Victims of first wave of Stalinist deportations commemorated in Chisinau

The victims of the first wave of Stalinist deportations of June 12-13, 1941 were commemorated at an event in Chisinau on June 13. Tens of people, among whom were officials, laid flowers at the “Pain Train Monument” in the Railway Square and remembered the atrocities expensed by them and their deported families, IPN reports.

Valentina Sturza, the victim of two deportation operations and the head of the Association of Former Deportees and Political Prisoners, said that June 13, 1941 was a very hot day. On that day, armed officers and soldiers barbarously entered the houses of the most honest persons, scaring them. No one realized what’s going on. After they searched their homes and didn’t find anything, they ordered to take the people away by a cart. Valentina Sturza’s family was deported together with the sister of her mother and a brother. She was a child and was crying as she was hungry and thirsty. They traveled from village to village until they got to the Railway Terminal. As many as 22,648 persons were deported from Bessarabia that day.

Accordion to Valentina Sturza, that wave of deportations was the bloodiest one as the fathers of children were taken to Siberian gulags from wagons the next day, where they were shot dead or convicted to long jail terms only because they were mayors, teachers, doctors or MPs. The children and mothers were left in dirty wagons by which cows were transported several days earlier. On the way, they were given salty fish and water taken from the pumps used by trains. When they reached the destination, in the deserts of Kazakhstan or in Siberia, they were taken to barracks and held in inhuman conditions.

As they could not bear those conditions, three families, including the family of Valentina Sturza, evaded and, after facing many obstacles, got home. But at home they were arrested. They were set free in a period, but could not get their houses back. They were deprived of the right to study, being considered enemies of the nation.

A moment’s silence was observed in memory of those who were deported.

Attending the event, President Maia Sandu said that the Soviet power chose to deport upright and hardworking people whom they considered a risk to the established regime. The consequences of this political and social cleansing continue to be felt as those persons who were community leaders could have contributed considerably to the development of society.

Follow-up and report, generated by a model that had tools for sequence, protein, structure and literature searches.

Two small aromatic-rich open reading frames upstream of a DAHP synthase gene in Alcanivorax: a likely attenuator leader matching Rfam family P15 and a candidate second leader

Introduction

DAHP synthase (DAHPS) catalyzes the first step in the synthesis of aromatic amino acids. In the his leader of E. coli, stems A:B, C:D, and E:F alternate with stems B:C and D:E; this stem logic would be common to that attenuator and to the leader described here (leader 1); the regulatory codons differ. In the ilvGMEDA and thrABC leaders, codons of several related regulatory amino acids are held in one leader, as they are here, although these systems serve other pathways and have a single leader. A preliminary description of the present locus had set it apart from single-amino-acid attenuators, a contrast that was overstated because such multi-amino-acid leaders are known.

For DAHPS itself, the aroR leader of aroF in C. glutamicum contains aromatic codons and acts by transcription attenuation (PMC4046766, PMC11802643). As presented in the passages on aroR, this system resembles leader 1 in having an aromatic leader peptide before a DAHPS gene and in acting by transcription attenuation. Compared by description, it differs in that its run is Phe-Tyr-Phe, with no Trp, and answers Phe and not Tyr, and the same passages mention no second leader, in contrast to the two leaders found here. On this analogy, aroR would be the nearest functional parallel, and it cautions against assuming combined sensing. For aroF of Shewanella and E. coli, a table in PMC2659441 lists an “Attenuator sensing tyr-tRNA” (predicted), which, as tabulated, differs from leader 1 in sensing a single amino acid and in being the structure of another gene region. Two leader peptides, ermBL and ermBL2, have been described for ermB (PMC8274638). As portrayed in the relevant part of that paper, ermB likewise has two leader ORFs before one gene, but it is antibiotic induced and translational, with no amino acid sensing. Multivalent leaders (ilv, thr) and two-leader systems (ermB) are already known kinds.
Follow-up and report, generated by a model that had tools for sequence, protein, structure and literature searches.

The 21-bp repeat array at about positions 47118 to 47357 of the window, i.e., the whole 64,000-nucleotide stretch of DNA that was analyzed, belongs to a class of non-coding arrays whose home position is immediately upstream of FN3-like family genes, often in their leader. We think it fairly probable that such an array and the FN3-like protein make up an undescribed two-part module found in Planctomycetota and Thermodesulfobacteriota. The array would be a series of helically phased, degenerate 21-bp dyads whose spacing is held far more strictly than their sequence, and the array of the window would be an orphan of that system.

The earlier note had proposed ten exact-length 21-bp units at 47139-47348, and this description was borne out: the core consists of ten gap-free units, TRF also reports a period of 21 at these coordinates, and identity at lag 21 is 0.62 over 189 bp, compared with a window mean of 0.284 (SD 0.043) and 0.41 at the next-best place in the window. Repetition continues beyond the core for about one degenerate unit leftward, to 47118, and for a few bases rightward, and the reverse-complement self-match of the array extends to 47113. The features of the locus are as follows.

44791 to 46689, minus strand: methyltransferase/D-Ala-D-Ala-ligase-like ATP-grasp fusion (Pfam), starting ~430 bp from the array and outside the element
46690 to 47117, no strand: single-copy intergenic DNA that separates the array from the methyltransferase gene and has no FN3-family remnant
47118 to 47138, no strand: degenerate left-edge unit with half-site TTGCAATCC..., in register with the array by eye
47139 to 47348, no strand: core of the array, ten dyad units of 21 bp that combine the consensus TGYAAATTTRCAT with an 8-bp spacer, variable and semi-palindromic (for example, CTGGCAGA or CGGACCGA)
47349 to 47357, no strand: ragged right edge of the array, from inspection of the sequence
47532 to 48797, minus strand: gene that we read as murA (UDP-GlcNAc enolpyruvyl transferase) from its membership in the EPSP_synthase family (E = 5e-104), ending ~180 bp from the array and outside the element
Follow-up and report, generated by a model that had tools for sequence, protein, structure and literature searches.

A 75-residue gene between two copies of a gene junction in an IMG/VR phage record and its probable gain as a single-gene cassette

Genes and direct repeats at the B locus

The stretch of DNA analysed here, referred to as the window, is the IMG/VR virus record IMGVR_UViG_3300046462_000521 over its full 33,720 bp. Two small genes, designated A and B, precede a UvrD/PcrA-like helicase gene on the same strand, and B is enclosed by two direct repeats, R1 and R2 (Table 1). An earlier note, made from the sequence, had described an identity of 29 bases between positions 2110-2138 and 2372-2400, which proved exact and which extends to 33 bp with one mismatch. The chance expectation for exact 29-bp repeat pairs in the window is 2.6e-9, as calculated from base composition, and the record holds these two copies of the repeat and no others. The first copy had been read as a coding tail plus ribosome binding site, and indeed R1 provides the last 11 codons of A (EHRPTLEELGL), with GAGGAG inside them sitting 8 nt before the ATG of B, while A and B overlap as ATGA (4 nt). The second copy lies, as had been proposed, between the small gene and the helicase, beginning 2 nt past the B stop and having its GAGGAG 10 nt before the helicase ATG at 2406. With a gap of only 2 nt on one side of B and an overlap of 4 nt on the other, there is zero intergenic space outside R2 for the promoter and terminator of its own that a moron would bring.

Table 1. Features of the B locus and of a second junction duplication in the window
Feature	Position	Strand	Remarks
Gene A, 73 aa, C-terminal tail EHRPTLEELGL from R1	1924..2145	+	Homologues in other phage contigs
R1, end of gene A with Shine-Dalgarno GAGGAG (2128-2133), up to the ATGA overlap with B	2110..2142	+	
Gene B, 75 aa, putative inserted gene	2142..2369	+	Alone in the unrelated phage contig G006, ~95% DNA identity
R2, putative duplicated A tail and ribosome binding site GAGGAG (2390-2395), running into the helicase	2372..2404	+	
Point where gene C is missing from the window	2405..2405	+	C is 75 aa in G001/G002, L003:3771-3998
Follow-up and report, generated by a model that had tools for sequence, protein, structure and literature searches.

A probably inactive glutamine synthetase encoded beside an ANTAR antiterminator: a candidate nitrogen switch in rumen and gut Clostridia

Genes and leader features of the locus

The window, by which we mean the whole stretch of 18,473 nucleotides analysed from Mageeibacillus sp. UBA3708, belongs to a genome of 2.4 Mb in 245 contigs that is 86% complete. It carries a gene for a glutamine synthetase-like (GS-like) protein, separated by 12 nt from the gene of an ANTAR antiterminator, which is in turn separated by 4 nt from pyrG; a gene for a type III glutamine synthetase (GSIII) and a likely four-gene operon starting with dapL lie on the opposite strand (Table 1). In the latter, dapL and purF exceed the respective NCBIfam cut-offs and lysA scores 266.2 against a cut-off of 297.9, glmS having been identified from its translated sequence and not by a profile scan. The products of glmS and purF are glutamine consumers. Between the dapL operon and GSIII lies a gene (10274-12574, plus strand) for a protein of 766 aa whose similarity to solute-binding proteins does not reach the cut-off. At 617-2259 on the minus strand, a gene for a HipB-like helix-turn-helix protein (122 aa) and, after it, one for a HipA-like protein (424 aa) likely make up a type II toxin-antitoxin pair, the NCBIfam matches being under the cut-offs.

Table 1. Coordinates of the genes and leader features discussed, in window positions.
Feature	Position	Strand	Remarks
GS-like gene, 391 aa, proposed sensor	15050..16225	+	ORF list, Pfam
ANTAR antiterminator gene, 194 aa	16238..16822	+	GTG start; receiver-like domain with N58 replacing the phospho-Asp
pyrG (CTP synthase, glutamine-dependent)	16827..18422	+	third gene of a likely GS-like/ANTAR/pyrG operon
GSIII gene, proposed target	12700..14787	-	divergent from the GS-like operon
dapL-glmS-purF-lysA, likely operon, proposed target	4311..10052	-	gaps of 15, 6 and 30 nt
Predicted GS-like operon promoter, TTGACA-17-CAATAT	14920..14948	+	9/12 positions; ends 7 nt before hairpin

“It is our duty to keep the memory of those who were dispossessed, humiliated and driven away and many of whom died in exile. It is our duty to educate the young people in the spirit of the democratic values, mutual respect and cooperation so as to vertically defend the rights before any totalitarian impulses,” stated Maia Sandu.

According to acting Prime Minister Aureliu Ciocoi, at least three generations were needed to restore the section of intellectuals who were deported, according to geneticists. Over 100,000 Moldovans were deported to Bolshevik gulags by several waves. He called on the historians to look in the archives and in every corner and find out the names and surnames of those who were deported and why and who denounced them so as to discover the truth and face it with dignity if it is unpleasant.

The head of the Association of Former Political Prisoners of Romania said most of the deported Bessarabian Romanians were taken to Kazakhstan and Siberia and their sufferings were immeasurable. The actions against those persons were not only political in character. They were also aimed at modifying the ethnic ratio and this was primarily achieved. One day, the survivors returned home, but not as survivors, but as servants of the Soviet occupants. Their sufferings made them nobler and they knew to forgive and their forgiveness made themes stronger. By their sacrifice, they saved the dignity of this nation.

Over 22,000 persons were deported on the night of June 13, 1941. There were three waves of mass deportations from Moldova: in June 1941, July 1949 and April 1951. The deportees totaled about 58,000 people.

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